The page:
For example, a service center may be taken off the chronic list and placed on the recovery list if the recalculated health score is 90% or greater. A service center on the recovery list may be monitored to ensure the technology utilized by the service center remains operational for thirty days.

The methods may include mining the chronic list and/or recovery list for characteristics of underperforming service centers. The characteristics obtained from the mining may suggest preventive measures that may be taken by the entity to lower a number of service centers on the chronic list.

The methods may include mining the chronic list for patterns characteristic of an underperforming service center. The patterns may be leveraged in future dealings with business partners or stakeholders of the entity. An optimization technique may be applied to the patterns to reduce a number of underperforming service centers. Any suitable optimization technique may be used.

Apparatus and methods may include a dashboard. The dashboard may display and arrange information relating to service centers on the chronic list and/or the recovery list. The information may be obtained from the mining. The information may include metrics relating to the entity. The information may include metrics relating to a service center.

The dashboard may display a current status of the technology malfunctions of the service center. The current status may include details of the malfunction, a party assigned to repair the malfunction, steps taken to repair the malfunction, changes to the chronic list and any appropriate information. The current status may be updated as a changes occurs.

Following a rehabilitation, the service center may be monitored. The dashboard may display metrics associated with monitoring of the health score of the rehabilitated service center.

The dashboard may provide reporting to a business partner of the entity. For example, the dashboard may convey information relating to efforts underway to rehabilitate a service center on the chronic list. The dashboard may demonstrate to the business partner: a number of service centers currently on the chronic list, historical chronic list data, identified root problems at service centers included on the chronic list and any other suitable information.

Illustrative apparatus and methods in accordance with the principles of the invention will now be described with reference to the accompanying drawings, which form a part hereof. It is to be understood that other embodiments may be utilized and structural, functional and procedural modifications may be made without departing from the scope and spirit of the present invention.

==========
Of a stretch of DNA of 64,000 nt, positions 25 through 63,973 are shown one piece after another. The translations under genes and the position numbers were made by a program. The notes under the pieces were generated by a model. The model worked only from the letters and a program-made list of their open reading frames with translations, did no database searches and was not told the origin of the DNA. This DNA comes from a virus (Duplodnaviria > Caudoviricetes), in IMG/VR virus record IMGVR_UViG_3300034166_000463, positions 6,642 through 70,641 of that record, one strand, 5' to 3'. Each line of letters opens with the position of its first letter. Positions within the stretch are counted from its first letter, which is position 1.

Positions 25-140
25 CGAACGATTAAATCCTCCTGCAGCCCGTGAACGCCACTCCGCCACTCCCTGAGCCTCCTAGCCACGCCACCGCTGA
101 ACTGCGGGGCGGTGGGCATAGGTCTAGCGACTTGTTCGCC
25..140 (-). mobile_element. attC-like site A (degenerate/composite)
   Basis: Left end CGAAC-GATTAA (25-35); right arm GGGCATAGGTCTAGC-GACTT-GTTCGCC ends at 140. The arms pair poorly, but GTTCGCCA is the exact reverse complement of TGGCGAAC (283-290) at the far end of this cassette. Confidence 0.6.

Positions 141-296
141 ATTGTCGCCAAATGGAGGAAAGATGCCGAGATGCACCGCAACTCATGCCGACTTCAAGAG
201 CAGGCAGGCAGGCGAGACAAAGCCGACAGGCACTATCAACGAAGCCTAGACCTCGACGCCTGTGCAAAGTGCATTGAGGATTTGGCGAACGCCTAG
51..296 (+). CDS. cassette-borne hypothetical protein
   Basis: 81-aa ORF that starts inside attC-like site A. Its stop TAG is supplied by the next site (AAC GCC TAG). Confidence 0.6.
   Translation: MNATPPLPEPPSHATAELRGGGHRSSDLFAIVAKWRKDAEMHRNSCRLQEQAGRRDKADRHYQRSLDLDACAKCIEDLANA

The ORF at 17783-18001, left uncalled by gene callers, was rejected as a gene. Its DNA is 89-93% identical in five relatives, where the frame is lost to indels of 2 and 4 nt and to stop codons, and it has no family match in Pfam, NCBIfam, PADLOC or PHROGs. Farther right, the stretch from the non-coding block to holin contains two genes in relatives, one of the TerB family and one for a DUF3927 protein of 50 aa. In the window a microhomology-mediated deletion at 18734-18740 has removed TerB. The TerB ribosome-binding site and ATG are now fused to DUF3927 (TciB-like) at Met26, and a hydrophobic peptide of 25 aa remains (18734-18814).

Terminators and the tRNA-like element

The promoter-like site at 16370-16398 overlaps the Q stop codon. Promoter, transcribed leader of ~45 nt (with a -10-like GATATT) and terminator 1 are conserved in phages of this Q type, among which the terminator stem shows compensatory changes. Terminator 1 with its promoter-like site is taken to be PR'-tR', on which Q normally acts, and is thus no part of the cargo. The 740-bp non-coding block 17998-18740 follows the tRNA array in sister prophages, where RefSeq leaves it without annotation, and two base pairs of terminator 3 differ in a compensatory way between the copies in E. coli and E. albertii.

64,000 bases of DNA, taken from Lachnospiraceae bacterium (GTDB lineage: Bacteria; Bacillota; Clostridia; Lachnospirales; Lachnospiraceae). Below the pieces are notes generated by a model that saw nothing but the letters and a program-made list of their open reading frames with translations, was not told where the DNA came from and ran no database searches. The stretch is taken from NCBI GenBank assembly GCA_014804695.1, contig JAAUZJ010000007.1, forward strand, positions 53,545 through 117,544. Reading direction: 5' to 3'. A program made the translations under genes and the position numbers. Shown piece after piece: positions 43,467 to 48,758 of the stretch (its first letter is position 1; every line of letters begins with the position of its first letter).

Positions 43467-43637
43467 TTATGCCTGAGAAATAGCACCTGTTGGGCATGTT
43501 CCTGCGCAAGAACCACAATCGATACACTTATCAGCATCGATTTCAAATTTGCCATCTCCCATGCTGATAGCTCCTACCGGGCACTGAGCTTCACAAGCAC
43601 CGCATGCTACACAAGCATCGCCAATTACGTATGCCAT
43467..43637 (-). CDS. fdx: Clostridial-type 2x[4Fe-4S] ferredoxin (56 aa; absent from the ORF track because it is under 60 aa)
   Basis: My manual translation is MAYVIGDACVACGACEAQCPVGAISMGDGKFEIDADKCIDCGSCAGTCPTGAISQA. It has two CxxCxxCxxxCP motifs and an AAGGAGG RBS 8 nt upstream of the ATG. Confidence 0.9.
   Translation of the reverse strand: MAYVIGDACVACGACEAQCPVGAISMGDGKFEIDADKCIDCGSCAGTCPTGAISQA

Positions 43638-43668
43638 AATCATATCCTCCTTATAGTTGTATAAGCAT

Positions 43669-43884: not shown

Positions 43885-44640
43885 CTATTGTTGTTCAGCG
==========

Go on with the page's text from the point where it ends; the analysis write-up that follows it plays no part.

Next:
As will be appreciated by one of skill in the art, the invention described herein may be embodied in whole or in part as a method, a data processing system, or a computer program product. Accordingly, the invention may take the form of an entirely hardware embodiment, an entirely software embodiment or an embodiment combining software, hardware and any other suitable approach or apparatus.

Furthermore, such aspects may take the form of a computer program product stored by one or more computer-readable storage media having computer-readable program code, or instructions, embodied in or on the storage media. Any suitable computer readable storage media may be utilized, including hard disks, CD-ROMs, optical storage devices, magnetic storage devices, and/or any combination thereof. In addition, various signals representing data or events as described herein may be transferred between a source and a destination in the form of electromagnetic waves traveling through signal-conducting media such as metal wires, optical fibers, and/or wireless transmission media (e.g., air and/or space).

Apparatus and methods in accordance with the principles of the invention may include one or more features of the illustrative process shown in FIG. 1.